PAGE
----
A lot of the newer things like Java Neo, as a case in point, which provides you more robust connections, has been leveraged there, as opposed to in BlazeDS. But I think all those features will possibly flow in back into BlazeDS, either from Adobe or from the open source community. It's a matter of time.
DZone: There's also a Spring-specific version of BlazeDS that's out there. How does that differ from BlazeDS?
Shashank: The Java world has a whole bunch of people who swear by Spring, as you probably already know. When these developers started using BlazeDS for their applications, which combined Spring server-sides and Flex client-sides. They were faced with a couple of challenges.
Namely, one, well, I've got my Spring Beans which is within my Spring container within a Spring idiom. BlazeDS has its own model of configuration, its own way of setting up. So how do I get the two together? That was a challenge that everybody was, pretty much, fighting with.
The second bit was that Spring has so many nice things, including Spring security, the DI implementation, dependency-injecting implementation. A lot of templating, like the JMS template, as a case in point, which could be leveraged.
Which was difficult to use with plain vanilla, out of the box, BlazeDS. Now people had, the community had, certain workarounds for it. There were a whole bunch of hacks and sophisticated workarounds which had emerged over the last couple of years. Which ended making BlazeDS, as is, work within the whole Spring structure.
But I think, about six to eight months back, Adobe and SpringSource perhaps realized that it would be in their favor, and in the community's favor, to perhaps have an official project. Where all of that is brought in into the Spring umbrella and done in a manner that's more Spring-friendly. That's where the Spring BlazeDS project has come about, which is really an extension project within the SpringSource umbrella and supported by Adobe.
So, yeah, it's a very valuable, project that I assume that would keep in sync with the core BlazeDS product and would see a very healthy adoption. Because the Spring community loves it and you'll probably see more and more stuff coming in that bundle, especially from the Spring side.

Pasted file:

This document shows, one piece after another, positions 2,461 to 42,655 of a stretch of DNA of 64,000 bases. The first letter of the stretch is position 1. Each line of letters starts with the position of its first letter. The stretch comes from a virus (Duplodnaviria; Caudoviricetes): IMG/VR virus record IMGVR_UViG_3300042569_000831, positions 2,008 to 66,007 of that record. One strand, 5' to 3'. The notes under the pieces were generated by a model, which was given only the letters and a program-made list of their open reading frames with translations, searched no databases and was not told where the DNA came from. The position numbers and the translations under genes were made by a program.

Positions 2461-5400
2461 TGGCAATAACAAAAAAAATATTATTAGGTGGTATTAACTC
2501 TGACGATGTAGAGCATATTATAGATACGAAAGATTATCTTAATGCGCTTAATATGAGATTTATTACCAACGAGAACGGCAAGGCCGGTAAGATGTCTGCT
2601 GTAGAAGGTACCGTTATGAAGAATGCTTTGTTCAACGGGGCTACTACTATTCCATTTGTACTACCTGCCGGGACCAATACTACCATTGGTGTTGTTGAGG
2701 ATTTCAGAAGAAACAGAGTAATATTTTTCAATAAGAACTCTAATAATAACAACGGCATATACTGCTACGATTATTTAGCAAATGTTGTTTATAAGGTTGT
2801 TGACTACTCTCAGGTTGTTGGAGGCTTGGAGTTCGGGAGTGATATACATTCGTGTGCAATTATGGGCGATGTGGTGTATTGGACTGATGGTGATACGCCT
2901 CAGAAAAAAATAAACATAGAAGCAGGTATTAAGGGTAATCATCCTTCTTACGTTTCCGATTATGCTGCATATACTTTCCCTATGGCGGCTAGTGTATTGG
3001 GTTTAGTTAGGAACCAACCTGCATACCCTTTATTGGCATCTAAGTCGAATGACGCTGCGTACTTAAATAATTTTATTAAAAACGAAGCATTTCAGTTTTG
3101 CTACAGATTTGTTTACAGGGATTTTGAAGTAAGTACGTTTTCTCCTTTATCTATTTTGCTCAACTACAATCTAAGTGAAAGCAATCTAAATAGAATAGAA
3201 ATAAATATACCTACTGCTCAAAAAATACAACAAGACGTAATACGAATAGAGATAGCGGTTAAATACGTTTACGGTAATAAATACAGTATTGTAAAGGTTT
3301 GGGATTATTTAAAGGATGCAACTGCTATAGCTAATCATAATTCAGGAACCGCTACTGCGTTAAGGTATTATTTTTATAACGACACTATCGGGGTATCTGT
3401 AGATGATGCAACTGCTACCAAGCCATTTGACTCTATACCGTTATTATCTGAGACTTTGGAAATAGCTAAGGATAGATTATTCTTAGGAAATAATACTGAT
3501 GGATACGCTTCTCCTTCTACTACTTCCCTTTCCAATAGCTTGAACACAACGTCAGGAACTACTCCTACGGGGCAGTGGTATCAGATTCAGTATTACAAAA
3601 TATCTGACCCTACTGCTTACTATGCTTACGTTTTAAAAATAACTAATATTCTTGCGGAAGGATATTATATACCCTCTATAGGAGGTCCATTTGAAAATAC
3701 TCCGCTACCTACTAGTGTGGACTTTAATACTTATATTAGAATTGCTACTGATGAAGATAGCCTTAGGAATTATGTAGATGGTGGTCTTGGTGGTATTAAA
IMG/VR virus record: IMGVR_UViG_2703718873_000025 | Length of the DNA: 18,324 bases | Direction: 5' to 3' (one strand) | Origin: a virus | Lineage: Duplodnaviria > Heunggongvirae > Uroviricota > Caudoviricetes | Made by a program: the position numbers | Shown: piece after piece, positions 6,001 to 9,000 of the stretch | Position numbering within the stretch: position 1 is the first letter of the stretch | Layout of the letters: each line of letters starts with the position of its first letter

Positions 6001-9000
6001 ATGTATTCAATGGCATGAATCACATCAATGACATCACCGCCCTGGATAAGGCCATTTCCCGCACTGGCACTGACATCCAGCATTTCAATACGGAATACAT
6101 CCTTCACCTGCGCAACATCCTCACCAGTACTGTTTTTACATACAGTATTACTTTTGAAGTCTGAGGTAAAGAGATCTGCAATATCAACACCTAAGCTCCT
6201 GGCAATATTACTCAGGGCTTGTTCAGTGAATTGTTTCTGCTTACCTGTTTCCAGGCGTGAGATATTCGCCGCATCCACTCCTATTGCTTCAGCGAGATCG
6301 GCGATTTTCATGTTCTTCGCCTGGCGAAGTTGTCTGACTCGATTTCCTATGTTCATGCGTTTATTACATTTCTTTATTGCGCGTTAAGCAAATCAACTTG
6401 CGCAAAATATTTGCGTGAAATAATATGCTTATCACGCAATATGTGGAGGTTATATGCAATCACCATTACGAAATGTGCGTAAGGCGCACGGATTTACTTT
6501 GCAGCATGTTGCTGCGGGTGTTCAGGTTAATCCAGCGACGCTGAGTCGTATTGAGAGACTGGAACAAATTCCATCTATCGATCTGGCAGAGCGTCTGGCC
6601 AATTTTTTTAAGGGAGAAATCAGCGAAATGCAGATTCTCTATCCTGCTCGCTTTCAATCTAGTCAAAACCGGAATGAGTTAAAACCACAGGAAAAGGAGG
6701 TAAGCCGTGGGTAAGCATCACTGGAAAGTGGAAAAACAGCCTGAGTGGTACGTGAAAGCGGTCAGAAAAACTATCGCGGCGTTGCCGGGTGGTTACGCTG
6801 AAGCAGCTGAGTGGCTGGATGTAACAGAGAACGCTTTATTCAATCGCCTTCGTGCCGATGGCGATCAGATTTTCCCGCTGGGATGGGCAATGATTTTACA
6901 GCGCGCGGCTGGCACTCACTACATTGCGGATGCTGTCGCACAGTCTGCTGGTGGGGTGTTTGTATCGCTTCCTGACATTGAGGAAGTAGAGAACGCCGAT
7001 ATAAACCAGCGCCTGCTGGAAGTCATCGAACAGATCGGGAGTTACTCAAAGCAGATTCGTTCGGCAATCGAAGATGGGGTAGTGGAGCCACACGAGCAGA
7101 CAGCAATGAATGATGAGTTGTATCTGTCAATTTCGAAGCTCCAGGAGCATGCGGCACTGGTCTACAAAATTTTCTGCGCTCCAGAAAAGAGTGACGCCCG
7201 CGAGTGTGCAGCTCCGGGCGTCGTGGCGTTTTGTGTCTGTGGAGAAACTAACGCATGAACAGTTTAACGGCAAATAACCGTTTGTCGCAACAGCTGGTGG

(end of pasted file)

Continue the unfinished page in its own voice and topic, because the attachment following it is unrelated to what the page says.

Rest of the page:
DZone: What advice would you give to people looking to start using BlazeDS? Where can they learn more about it?
Shashank: Well, read my book. Sure, but there are a ton of sources for BlazeDS. One of the most obvious ones is the Open Source Website. If you go to opensource.adobe.com and then browse up to the BlazeDS-specific Website. You will see a whole bunch of documentation there. Which, of course, if more along the lines of reference documentation as it typically is. A lot of API documentation. Plus there is also the BlazeDS Developer Guide, which is officially published as a part of the other developer guides that Adobe publishes. So those exist. Apart from that, there are a ton of articles, actually, online from various sources. There are some on DZone, which people can certainly go and read. There are a bunch of them on the Adobe Developer Connection. There are some on InfoQ. If people just Google for it, they will find a whole bunch of it.
DZone: There's also the BlazeDS Refcard, which people can download from DZone as well.
Shashank: Absolutely. I think that will be a very valuable piece, because it will give snapshot, quick overview, of some of the features that people might want to get familiar with, right up front. I think it will have same advantage that any other ref card has, actually, which is a very convenient, quick, reference.
DZone: Shashank, we look forward to working with you to publish more content around BlazeDS and the Flex Platform. I want to thank you, on behalf of DZone, for your time today.
Shashank: Well, thank you. Thank you for having me here. I hope that a lot of developers and users continue to use this product and the community grows. There's a lot more that DZone also contributes, in terms of really good content, in the space.